Where in your current curriculum can you choose a narrative text that explores a more diverse perspective? A short story? A short piece of non-fiction? A particular social issue, either within or far outside of your community?
Where in your current curriculum can you have students doing interviews in their neighborhoods? Perhaps around a debatable local issue or the impact of an environmental action? Could they collect local data?
Where in your current curriculum could students spend even just a little bit of time trying to write narratives from another’s point of view, just to imagine what it could be like? How might a Confucian approach this issue? A Harlem Renaissance poet? A Syrian refugee? Perhaps they can debate each other, attempting to take on the voice of one they have researched. You don’t need to take a personal stance as an educator here, and their interpretations might not be completely accurate, but the exploration itself and the reflection is the key: other people in the world sometimes think differently.
Where in your current curriculum would it be helpful and natural to bring speakers into the room that might bring a new perspective into the conversation? Who is tackling social justice work in your community? Who is committing their lives to a particular issue in our world? And don’t be afraid to invite parties with differing views. This allows your students to truly understand the complexities of any issue, and allows them to make a choice without indoctrination.
Where in your curriculum could students do a statistical analysis on an issue, and weigh that against the diverse perspectives and rhetoric around it? How do the numbers help us to both support and refute claims being made in our community?
2. Argument vs. Persuasion: Civil Discourse
Across the country, standards are leaving behind the “persuasive” speaking and writing, and replacing it with the art of “argument”. We do not want to teach students how to push an agenda without a solid foundation of facts to support it. Argument is about participating in a conversation, not winning it. Argument may intend to help someone else to see your perspective, but in that journey, you are exposed to another’s perspective as well, likely integrating the two into a collaborative solution. It is the only logical way to move forward in our modern world.
Teaching students how to have such civil conversations is a fantastic way to encourage empathy. How do we pay full respect to a counterargument, while also sharing our own point of view? How do we discuss the ideas themselves without making it immediately personal? How do we disagree without attacking? How can we be open to changing our own beliefs, based on shared evidence? How do we collaborate better, moving toward a solution to integrate all perspectives? Exploring the answers to these questions with your students is a great starting point to facilitating more open and globally aware conversations. Check out Teaching Tolerance’s fantastic four-part resource on teaching civil discourse here. Although identified for grades 6-8, it can absolutely be adjusted with little-to-no effort for both younger and older audiences.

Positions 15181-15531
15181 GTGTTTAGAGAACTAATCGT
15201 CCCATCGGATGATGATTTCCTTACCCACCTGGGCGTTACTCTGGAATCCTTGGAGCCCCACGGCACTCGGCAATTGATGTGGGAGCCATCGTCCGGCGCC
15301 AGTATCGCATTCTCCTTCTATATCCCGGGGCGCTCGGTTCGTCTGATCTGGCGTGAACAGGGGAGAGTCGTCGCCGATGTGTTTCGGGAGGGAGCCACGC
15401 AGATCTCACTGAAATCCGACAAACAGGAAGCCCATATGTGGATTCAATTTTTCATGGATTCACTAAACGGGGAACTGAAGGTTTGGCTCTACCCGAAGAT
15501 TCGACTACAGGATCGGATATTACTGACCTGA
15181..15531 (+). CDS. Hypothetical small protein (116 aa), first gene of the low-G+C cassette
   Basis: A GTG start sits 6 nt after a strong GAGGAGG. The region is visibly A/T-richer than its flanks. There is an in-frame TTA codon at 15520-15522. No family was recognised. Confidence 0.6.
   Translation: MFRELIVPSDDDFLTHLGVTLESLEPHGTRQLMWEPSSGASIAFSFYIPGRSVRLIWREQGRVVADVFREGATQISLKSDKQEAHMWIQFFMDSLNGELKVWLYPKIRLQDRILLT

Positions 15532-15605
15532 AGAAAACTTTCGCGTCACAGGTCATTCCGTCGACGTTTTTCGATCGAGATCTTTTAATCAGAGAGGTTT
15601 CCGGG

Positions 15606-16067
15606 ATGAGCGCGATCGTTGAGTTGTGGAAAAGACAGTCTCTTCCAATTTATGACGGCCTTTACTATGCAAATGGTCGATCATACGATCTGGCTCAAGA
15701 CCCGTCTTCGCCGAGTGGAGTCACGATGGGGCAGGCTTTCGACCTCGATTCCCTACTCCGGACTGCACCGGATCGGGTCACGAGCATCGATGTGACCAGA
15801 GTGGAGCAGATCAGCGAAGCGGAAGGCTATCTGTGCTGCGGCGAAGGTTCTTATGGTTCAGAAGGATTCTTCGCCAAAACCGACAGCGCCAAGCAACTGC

3. Teaching Listening
As a part of this exploration into crafting healthier, more conscious discussion in the classroom, we might choose to spend equal time working on how we listen in these environments. So much of our energy in the classroom tends to focus on how we can express our own thoughts and ideas, but how much do we teach students to actively listen to others? This is a key component to teaching empathy. And there are a number of useful strategies to help promote this sort of work:
HEAR: This strategy has been making its rounds in the educational world as a means for having students actively engage in listening in a conversation: outlining the physical, emotional, and cognitive aspects of the listening process.
Mindful Groups of Three: Working in groups of three is also finding its way into the work of facilitating more difficult conversations. This sort of mindful listening includes a speaker, a listener, and a person to “hold the space”. For some it might feel a bit “out there”, but it’s based in a long history of empathetic work.
Active Listening Skills: From a life skills approach, this resource outlines best practices to both experience and show active listening. Students being aware that their body language is being interpreted by their partners and can both open up and shut down communication is a super valuable skill.
4. Empathic Civilization: Jeremy Rifkin
In a TEDTalk cleverly animated by RSA Animate, economist and activist Jeremy Rifkin makes the claim that we are at a seminal moment in human history and expanding our empathic ability will be necessary for us to move forward. It’s a compelling argument, and although fast-paced, could easily be integrated into most classroom environments, if only to initiate discussion around the value of taking on empathy in the classroom community.
Written by Keith Lambert, Education World Associate Contributing Editor
Lambert is an English / Language Arts teacher in Connecticut.
Looking for books that will enhance your students’ literacy skills as well as their cultural awareness? You can find collections of culturally diverse texts at Steps to Literacy.
Steps to Literacy offers inclusive and differentiated collections of age and developmentally appropriate books and resources that engage students and foster a love for reading within each of them.